Michigan Gov. Gretchen Whitmer is getting sued by a group of Michigan doctors who are accusing her of “risking lives and imperiling health” for her unconstitutional statewide lockdown order.

On Tuesday, the owners of Grand Health Partners, Wellston Medical Center, and Primary Health Services, as well as Jeffery Gulick, filed a lawsuit together against the Michigan governor, State Attorney General Dana Nessel, and state health director Robert Gordon.

“This shutdown is risking lives and imperiling health,” Grand Health Partners president and surgeon Dr. Randal Baker said. “The curve has been flattened. There will likely be spikes of cases in the future, but we can’t shut down non-COVID health care every time. We need to reassess the best practices to save the most lives, particularly where COVID-19 cases are low.”

On March 20th, Whitmer banned surgeries that were deemed as “elective” as she expected a large amount of hospitalizations due to the Chinese coronavirus. Almost two months later and Whitmer is still enacting the surgery policy and doesn’t plan on lifting it until May 28th at the earliest.

“Graphics depicted that while Governor Whitmer’s administration anticipated 220,000 patients being hospitalized without social distancing efforts, there had only been 3,000 hospitalizations as of April 27. That is less than 1.4% of the projected COVID-19 hospitalizations underlying the Governor’s declared states of emergency and disaster,” the lawsuit states.

The Daily Wire reports:

Hospitals, clinics, and other medical providers across the state are struggling financially as they are forced to turn away all but the most serious illnesses and those with flu-like symptoms that may be COVID-19. Last month, Hillsdale Hospital Vice President and COO Jeremiah Hodshire wrote an open letter to Whitmer pleading with her to relax the ban on elective surgeries, citing financial strain.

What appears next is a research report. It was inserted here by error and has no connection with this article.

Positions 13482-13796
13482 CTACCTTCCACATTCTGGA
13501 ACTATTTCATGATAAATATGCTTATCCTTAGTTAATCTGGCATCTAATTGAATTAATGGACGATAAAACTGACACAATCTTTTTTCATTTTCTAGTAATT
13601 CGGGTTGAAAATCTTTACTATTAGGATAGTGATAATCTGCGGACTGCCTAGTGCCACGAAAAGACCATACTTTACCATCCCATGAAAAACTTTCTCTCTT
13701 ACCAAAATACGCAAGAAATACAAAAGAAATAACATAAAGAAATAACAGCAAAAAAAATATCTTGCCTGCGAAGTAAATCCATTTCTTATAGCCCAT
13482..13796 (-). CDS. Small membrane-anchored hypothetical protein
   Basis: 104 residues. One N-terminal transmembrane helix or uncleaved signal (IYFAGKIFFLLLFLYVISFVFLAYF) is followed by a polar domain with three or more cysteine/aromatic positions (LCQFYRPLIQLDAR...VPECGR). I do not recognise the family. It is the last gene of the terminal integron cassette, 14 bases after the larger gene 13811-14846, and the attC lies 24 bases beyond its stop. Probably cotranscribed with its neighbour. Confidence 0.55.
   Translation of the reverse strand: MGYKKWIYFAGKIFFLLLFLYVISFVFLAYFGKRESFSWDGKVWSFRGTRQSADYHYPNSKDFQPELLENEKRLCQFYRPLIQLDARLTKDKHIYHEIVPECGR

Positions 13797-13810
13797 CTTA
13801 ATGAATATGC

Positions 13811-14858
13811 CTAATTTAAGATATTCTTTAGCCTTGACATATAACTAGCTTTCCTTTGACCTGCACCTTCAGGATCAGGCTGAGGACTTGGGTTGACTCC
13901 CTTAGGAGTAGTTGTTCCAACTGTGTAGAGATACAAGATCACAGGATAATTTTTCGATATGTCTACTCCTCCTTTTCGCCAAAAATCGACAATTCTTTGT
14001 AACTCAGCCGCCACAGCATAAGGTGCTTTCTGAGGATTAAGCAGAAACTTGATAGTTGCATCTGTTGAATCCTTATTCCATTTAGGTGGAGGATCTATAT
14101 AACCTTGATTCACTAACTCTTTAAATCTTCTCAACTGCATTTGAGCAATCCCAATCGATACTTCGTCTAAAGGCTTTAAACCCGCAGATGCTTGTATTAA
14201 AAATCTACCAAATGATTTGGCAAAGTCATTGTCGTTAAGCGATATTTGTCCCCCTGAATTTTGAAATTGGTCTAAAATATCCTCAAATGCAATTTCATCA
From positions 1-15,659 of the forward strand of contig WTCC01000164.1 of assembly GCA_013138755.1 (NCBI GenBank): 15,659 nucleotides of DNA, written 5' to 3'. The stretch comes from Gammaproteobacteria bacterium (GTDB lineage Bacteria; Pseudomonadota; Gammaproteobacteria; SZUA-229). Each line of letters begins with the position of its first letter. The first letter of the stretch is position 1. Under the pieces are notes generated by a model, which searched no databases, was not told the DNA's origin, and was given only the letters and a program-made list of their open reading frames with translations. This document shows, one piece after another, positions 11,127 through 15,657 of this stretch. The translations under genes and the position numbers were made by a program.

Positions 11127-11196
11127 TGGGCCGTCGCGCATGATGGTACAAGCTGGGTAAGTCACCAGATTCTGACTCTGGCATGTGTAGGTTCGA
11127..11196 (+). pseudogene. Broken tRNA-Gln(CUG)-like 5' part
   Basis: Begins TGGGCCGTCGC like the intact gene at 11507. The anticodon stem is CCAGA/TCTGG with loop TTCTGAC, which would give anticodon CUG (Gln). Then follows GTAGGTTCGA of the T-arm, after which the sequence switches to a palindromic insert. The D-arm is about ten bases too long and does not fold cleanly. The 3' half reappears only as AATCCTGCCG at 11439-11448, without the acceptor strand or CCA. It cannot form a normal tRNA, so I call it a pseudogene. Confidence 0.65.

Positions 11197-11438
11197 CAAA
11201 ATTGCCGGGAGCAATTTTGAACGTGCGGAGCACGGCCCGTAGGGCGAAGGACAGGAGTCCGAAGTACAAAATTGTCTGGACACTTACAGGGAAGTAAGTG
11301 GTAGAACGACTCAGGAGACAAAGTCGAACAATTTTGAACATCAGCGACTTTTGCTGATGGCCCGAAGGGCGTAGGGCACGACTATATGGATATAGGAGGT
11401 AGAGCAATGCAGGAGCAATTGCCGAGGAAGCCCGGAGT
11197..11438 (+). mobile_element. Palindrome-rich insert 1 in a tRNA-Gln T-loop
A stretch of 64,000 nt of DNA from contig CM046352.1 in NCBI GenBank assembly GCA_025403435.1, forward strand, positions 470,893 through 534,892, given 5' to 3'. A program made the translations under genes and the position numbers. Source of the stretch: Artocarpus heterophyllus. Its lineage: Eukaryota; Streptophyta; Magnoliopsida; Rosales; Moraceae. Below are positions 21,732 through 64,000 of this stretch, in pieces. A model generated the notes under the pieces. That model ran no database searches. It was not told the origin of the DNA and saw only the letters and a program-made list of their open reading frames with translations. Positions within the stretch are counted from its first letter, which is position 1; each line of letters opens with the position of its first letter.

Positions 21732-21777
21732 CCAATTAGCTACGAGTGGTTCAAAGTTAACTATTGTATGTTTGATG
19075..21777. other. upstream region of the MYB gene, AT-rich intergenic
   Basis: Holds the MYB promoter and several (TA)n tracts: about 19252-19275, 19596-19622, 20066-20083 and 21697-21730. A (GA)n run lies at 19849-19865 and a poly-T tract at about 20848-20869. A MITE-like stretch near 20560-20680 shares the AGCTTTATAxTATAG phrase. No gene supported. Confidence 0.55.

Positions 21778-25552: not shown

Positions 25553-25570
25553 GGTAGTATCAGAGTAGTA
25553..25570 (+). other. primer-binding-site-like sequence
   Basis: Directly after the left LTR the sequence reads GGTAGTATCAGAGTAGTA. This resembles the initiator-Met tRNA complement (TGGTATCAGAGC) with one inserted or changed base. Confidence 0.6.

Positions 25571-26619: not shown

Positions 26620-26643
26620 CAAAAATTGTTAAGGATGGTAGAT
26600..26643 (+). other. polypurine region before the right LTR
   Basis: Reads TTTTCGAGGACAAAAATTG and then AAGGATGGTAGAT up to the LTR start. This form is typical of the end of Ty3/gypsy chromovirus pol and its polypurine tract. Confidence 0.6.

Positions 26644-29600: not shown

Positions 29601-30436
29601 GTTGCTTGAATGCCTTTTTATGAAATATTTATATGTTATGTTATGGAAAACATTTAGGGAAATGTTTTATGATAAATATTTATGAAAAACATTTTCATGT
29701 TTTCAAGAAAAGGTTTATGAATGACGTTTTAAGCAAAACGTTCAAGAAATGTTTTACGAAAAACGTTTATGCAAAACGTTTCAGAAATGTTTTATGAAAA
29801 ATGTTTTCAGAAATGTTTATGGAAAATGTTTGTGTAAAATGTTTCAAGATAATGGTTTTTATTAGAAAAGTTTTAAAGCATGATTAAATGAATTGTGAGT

“If there is one thing that we need now more than ever, it’s patients using our services instead of living in fear of leaving their homes while their health needs are left unmet,” Hodshire wrote. He said her “reckless and senseless” executive order banned his hospital from performing the procedures that generate one-fifth of its net income.

Michigan hospitals are losing roughly $300 million in addition to spending about $100 million a week on additional supplies because of the coronavirus, according to the Michigan Health and Hospital Association. Over 1 million Michigan residents have filed unemployment claims across all sectors since the outbreak, according to the Department of Labor.

“Medical providers are on the brink of financial ruin, facing extreme revenue shortages caused by the Governor’s order forcing the postponement or cancellation of so-called ‘non-essential’ procedures. Thousands of healthcare workers across Michigan have been furloughed or laid off,” the lawsuit says.

“Not only has this shutdown harmed my employees and my practice, but it has put my patients directly at risk,” said Jordan Warnsholz, owner of Wellston Medical Center and Primary Health Services. “These oppressive executive orders are meant to save lives, but instead, they are endangering many of them.”

Gov. Whitmer’s office did not immediately respond to a request for comment.